Wednesday, November 6, 2019

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As ice formed on area lakes, small flocks and single Hooded Mergansers migrated into the area, along with a few Common Goldeneyes and flocks of Buffleheads.
Snow and Ross’s Geese dictated the Dakota sky and landscape this week.
An adult mostly blue morph Snow Goose shows a telltale white belly that indicates a hybrid blue morph and white morph ancestry.

Freeze-up was pretty serious by Thursday, with only the deepest lakes providing open water for the new vanguard of Snow and Ross’s Geese in the area. The biggest flocks were present Saturday, and there were probably more than 20,000 in the area, with the largest flock numbering about half that total. One flock was feeding less than a mile from my house, and multiple flocks flew low overhead as I worked outdoors a while. As the sun was setting I enjoyed a front row seat near the largest flock and took some time to absorb the essence of the scene.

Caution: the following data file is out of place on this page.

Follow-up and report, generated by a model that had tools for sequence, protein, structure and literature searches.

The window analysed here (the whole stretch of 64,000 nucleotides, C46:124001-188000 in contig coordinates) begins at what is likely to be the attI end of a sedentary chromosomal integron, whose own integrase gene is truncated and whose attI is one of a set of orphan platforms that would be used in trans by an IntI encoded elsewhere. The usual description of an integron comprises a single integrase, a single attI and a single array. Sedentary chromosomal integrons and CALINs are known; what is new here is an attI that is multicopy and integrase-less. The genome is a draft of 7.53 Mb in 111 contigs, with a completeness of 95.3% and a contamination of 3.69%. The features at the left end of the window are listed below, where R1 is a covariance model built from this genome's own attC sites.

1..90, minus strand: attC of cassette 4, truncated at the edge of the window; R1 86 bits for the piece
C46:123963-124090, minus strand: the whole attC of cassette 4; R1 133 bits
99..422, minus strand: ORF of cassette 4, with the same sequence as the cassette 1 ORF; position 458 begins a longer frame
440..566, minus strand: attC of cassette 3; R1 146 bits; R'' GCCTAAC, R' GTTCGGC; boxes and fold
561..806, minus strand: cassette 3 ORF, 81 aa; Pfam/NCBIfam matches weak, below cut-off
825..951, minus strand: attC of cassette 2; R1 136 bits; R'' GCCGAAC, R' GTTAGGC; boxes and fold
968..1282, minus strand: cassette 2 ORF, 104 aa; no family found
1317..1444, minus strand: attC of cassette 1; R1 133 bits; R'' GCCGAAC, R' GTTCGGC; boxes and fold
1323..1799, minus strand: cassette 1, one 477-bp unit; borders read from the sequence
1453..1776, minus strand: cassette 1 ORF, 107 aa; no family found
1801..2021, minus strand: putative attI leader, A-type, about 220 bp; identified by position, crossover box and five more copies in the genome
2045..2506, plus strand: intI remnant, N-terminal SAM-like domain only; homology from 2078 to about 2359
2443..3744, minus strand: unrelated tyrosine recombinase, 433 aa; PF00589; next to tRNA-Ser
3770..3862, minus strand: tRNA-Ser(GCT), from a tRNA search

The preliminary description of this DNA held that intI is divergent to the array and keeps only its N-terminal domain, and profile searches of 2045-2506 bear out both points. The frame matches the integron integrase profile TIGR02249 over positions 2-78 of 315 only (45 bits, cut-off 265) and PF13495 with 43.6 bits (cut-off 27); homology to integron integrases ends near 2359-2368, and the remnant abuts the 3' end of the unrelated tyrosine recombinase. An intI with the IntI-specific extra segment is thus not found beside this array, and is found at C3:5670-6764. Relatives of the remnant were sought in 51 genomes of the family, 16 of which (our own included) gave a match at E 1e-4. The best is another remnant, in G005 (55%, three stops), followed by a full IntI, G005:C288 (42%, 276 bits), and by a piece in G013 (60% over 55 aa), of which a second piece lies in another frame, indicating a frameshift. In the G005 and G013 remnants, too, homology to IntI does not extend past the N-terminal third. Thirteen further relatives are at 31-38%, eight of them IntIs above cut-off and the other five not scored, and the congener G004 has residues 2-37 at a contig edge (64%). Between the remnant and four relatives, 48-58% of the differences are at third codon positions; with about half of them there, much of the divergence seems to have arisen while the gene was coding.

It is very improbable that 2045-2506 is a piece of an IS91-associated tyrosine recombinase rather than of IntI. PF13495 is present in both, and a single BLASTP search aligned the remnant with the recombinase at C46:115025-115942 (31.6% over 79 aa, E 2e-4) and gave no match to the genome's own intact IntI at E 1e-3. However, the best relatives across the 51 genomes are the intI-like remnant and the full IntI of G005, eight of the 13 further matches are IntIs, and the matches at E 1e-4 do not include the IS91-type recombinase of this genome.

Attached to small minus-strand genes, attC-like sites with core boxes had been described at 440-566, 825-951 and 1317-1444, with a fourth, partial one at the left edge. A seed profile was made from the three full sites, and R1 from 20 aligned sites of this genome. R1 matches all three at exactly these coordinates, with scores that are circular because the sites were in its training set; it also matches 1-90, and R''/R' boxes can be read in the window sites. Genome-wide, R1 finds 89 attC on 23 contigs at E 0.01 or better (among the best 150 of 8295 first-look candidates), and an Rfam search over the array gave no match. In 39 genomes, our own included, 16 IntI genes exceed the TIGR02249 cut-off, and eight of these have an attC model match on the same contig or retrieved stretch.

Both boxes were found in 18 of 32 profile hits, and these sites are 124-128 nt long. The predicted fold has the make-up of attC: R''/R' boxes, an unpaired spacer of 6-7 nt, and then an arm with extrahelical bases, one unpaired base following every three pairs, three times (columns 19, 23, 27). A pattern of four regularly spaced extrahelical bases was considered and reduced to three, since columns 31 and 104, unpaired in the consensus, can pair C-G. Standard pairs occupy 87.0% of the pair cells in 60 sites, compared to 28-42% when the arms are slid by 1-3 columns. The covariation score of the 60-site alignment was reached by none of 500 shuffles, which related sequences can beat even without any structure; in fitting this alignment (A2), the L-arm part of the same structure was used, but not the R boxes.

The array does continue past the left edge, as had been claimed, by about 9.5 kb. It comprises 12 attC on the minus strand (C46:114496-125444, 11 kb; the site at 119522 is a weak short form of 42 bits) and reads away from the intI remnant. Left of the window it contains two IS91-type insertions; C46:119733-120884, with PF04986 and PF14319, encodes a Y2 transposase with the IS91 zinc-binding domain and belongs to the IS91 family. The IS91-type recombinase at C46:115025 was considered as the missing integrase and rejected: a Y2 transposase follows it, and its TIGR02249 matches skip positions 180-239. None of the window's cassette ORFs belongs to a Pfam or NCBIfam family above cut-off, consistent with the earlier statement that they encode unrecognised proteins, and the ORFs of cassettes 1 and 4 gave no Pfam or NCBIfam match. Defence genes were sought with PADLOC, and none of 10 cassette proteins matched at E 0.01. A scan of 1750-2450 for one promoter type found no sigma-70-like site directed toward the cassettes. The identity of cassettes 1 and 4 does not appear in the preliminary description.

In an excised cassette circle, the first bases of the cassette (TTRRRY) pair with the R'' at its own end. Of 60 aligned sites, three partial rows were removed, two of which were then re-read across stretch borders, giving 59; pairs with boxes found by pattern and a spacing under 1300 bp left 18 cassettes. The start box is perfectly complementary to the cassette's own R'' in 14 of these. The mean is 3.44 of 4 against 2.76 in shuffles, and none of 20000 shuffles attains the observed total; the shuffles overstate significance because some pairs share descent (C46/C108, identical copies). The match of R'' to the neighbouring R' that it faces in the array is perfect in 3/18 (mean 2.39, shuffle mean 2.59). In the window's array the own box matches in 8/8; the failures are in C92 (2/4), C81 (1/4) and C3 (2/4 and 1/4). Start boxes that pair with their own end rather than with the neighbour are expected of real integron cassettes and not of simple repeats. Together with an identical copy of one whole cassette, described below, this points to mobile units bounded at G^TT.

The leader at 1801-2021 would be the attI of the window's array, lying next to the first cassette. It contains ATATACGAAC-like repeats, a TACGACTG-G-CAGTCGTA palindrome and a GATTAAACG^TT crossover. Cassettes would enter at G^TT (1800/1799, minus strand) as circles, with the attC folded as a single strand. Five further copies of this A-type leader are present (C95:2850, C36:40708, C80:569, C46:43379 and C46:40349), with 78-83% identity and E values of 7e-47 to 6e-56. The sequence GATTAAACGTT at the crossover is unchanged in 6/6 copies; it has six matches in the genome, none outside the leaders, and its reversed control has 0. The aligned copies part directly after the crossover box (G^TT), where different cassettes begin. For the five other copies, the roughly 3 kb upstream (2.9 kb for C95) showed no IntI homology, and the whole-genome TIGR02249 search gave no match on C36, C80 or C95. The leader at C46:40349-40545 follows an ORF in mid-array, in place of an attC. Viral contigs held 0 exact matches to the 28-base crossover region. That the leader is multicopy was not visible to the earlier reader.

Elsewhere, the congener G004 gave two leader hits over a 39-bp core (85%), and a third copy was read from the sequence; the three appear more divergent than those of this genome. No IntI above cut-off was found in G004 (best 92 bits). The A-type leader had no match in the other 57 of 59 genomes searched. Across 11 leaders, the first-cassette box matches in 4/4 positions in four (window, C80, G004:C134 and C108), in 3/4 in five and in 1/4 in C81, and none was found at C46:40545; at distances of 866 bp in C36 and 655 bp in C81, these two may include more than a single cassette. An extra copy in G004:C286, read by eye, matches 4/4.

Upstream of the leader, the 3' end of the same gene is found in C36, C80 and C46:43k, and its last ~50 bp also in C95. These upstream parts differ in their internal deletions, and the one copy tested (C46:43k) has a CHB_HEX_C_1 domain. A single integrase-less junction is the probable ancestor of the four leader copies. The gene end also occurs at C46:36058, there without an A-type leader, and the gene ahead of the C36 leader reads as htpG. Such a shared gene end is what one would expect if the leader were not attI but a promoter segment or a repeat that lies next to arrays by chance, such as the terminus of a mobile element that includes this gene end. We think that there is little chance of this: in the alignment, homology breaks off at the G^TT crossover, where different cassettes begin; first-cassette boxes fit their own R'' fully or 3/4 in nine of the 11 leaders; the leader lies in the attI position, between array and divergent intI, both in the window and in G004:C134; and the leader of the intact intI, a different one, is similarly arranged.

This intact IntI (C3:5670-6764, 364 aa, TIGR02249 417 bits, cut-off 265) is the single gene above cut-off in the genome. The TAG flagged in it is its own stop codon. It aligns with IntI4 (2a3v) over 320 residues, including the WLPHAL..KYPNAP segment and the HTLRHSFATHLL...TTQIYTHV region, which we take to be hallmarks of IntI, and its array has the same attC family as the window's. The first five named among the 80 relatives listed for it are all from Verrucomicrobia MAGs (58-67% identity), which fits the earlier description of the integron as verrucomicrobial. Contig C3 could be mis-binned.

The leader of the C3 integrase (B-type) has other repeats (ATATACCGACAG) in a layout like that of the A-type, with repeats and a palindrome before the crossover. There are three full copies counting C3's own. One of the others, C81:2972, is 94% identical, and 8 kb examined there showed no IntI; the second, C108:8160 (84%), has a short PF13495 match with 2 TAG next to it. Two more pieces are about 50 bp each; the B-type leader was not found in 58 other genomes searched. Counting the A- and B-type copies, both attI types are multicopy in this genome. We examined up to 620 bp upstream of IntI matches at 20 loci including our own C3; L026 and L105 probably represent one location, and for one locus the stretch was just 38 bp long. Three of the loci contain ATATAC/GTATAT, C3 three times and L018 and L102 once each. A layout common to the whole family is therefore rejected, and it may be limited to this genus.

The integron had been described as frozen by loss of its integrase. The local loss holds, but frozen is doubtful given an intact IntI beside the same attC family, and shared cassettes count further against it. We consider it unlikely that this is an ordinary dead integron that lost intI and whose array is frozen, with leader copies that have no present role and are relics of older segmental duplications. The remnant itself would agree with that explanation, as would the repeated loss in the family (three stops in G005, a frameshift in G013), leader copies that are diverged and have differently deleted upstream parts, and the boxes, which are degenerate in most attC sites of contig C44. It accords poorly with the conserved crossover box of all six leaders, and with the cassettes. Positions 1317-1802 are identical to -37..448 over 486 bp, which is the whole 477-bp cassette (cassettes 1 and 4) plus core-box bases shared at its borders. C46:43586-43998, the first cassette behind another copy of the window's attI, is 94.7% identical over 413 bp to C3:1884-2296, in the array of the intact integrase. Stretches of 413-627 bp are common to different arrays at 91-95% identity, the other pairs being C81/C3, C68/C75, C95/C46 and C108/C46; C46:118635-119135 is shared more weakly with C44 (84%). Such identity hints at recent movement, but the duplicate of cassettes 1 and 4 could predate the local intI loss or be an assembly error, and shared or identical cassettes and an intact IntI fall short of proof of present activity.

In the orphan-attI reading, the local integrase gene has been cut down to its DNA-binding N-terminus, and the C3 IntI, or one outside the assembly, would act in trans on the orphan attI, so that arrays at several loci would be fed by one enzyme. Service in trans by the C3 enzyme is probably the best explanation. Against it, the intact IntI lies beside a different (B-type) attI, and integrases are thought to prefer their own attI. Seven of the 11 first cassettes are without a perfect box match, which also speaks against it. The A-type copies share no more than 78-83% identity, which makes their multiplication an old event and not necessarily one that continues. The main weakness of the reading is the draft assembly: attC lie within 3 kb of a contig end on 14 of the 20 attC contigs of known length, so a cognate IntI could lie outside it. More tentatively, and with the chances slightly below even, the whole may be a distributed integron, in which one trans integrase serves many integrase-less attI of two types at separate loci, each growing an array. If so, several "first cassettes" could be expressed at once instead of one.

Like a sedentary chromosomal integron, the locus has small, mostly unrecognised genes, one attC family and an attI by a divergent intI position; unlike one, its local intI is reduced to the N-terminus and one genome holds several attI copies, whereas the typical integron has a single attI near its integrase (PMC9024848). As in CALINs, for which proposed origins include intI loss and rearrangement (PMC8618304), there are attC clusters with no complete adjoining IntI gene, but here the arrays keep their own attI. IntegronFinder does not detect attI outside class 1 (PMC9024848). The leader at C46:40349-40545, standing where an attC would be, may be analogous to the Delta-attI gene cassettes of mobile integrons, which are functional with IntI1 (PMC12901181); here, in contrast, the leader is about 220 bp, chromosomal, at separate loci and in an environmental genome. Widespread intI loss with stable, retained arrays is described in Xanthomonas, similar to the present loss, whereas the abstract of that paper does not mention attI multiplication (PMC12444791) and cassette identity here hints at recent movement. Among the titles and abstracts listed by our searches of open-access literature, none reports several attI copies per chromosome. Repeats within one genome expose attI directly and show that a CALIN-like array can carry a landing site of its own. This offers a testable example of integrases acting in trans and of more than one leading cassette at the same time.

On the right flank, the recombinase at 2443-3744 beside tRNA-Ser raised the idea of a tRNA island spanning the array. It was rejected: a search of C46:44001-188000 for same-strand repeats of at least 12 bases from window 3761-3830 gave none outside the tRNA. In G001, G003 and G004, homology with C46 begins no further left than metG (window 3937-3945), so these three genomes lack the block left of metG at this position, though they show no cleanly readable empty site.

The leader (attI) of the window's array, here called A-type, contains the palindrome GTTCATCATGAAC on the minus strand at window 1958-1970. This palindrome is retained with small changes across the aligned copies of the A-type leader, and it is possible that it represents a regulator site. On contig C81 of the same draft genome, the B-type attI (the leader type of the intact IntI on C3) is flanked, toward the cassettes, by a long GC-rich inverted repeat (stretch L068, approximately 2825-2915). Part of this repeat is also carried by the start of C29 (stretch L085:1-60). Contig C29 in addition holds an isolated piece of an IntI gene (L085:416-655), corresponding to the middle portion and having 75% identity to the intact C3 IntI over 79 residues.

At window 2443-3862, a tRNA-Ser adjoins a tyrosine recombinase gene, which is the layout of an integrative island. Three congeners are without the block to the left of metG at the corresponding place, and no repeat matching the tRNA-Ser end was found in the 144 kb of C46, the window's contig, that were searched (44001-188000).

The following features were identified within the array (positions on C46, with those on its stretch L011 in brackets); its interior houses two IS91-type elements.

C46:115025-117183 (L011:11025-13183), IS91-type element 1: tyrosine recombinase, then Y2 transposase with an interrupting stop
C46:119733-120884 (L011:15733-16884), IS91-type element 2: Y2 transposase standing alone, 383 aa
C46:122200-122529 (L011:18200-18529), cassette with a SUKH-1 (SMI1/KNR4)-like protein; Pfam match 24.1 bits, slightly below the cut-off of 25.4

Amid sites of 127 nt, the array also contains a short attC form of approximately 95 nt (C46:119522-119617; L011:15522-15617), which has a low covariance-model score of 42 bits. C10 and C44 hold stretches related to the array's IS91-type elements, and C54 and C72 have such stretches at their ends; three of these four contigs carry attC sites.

While the flocks superficially look like they are just Snow Geese, when I began to study the composition of the geese, I was surprised by the number of Cackling Geese mixed in. How could they stay so incognito from a distance? But the answer is that the Snow Geese are a salt and pepper mix of white and blue morph geese. Without binoculars, it’s almost impossible to pick out Cacklers from “blue” Snows. White-fronted Geese are even tougher to pick out, but with binoculars it was fun to find the rarer White-fronts in the expansive flock. Then there are the little Ross’s Geese, which are noticeably smaller than the white morph Snows, although from a distance they look like almost identical miniature copies. Their shorter, smaller stature, smaller bill, and smaller head make them a little more obvious among the Snows.